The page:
Barbara Takenaga’s paintings are gorgeous—so elegant, opulent and vigorous that they can make your breath catch. Filigreed swirls of graduated dots, from nearly microscopic to the size of a coin, appear like pearls or lustrous precious stones strung on impossibly fine threads to create dizzying cosmic patterns. Her undulating constellations glow and vibrate with metallic and interference paints so that the surfaces appear to change color as the viewer moves and the light shifts. These are paintings of both excess and restraint: the artist takes us to the edge of sensory overload, but the sheer rigor and crisp precision of her rendering hold us in the necessary suspension to stay engaged and mesmerized.

Takenaga’s work has been described as psychedelic, but that implies a loss of control, where these paintings are the result of acute attention. While they no doubt owe much to the precedents of Op art and Pattern and Decoration, Takenaga’s repetitive forms, like Ross Bleckner’s, inspire more mystical interpretation. If her idiosyncratic images can be said to resemble anything, it is van Gogh’s The Starry Night, with its swirls of celestial light updated to the computer age.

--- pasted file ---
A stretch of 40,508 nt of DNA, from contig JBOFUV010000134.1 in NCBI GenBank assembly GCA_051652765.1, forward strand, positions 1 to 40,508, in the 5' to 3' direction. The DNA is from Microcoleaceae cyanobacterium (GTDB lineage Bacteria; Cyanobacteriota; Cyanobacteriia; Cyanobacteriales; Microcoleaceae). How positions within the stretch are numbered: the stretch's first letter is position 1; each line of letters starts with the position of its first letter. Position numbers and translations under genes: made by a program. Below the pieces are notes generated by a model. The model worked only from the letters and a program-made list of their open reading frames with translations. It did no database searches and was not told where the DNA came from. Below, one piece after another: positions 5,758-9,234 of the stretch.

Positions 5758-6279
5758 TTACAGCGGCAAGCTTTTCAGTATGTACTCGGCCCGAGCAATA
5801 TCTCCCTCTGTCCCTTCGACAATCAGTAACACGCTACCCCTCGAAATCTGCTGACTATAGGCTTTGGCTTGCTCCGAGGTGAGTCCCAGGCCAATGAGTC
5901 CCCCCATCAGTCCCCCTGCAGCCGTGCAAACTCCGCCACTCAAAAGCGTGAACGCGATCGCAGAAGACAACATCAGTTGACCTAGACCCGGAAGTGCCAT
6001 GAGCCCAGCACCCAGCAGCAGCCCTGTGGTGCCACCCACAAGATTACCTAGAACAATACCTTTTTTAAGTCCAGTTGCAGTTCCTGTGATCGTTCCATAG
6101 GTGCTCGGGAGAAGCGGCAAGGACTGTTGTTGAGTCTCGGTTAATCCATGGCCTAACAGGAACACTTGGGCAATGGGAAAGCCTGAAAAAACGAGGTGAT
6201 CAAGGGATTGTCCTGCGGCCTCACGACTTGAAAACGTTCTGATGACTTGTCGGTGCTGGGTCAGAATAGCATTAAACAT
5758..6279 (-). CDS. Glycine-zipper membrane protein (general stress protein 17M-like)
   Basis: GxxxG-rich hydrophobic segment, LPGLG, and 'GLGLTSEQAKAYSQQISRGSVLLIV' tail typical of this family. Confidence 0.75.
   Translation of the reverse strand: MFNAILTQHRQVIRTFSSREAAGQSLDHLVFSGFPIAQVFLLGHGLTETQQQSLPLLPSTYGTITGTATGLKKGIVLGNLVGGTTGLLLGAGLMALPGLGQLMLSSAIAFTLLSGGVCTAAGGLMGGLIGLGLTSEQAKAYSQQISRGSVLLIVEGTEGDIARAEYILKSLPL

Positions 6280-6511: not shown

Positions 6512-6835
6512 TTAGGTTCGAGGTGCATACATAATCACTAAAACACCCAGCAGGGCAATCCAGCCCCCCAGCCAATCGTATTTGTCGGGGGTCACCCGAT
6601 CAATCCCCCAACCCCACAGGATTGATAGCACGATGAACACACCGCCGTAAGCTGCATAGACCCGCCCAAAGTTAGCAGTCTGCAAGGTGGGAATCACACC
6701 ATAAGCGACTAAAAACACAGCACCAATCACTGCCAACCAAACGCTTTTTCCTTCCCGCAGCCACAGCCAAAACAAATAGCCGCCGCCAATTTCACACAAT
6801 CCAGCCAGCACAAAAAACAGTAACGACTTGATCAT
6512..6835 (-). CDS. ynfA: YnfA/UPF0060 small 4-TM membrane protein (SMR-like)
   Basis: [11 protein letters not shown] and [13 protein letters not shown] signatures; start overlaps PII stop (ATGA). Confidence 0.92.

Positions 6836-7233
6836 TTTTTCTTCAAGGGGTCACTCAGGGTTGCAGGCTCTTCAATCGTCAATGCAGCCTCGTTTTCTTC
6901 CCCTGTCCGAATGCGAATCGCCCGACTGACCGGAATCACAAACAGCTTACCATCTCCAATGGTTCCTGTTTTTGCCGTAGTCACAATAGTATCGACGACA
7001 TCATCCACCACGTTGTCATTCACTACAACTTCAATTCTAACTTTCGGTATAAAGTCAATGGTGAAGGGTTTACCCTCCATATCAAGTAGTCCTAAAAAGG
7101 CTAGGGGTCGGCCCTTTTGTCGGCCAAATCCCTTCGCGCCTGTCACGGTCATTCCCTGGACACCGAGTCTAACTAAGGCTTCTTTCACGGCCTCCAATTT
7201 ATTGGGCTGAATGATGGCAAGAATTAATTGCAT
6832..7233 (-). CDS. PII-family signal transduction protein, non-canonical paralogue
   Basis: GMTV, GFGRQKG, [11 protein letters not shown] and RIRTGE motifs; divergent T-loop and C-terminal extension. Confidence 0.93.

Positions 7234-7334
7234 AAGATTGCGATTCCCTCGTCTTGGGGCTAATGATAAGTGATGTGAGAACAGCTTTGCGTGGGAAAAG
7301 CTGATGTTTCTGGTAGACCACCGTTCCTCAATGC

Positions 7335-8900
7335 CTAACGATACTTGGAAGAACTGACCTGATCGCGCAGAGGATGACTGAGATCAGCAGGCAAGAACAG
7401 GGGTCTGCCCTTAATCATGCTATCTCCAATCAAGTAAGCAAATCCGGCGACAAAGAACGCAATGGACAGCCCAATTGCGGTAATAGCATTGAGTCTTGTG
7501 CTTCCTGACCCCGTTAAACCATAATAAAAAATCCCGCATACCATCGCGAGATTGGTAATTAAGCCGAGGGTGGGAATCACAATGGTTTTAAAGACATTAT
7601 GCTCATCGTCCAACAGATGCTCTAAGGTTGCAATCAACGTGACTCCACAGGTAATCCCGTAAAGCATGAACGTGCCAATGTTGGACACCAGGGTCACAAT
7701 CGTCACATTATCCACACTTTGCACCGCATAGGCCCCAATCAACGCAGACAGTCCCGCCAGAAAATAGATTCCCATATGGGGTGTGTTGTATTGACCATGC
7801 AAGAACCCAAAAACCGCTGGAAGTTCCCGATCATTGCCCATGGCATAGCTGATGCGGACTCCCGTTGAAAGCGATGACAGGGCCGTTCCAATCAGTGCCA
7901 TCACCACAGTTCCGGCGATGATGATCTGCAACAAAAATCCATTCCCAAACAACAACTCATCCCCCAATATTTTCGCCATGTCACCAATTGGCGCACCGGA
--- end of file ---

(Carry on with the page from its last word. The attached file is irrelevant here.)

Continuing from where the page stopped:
Like van Gogh’s painting, they are landscapes of a sort. Takenaga’s horizon lines make the implication clear—
especially in the two large triptychs that dominated this exhibition of 15 works from 2010 and ’11. Forte and Rise/Fall (both 54 by 135 inches) are like sunrises gone berserk, surging eddies of white and black particles that radiate from a tiny central point and are reflected in the ocean or land below. In Takenaga’s smaller paintings, it’s as if electrical impulses, sometimes jagged, are engaged in a frantic, hyperkinetic race to a median that seems to offer no relief.

The relatively recent addition of the horizon line is a major development for Takenaga, who has been exhibiting since 1993. Few could have predicted that this normally balanced and stabilizing element would provide the disruption her work needed and a place from which it could expand. Previously her images were beautiful but congested, overshadowed by her painstaking and obsessive methodology. One would simply marvel that anyone could create such fine and intricate work freehand, especially with a material as mundane as acrylic paint. Further, the emphasis was on a kernel-like center that brought the eye from the outside in, whereas now the horizon line allows the nucleus to burst forth in burgeoning whorls that imply galaxies outside the picture plane.

Takenaga’s paintings portray matter and energies beyond what we know, beyond the everyday world. Whether we look inward with a microscope or outward with a telescope, systems are at work that we can barely comprehend, and of which we are a very small part. Her depictions of these systems can be seen as cold and threatening or exuberantly optimistic—I choose the latter view—but, regardless, there is a sense of order, not chaos, and a trust that the universe is taking care of itself.



Photo: Barbara Takenaga: Double Back, 2011, acrylic on wood panel, 42 by 36 inches; at DC Moore.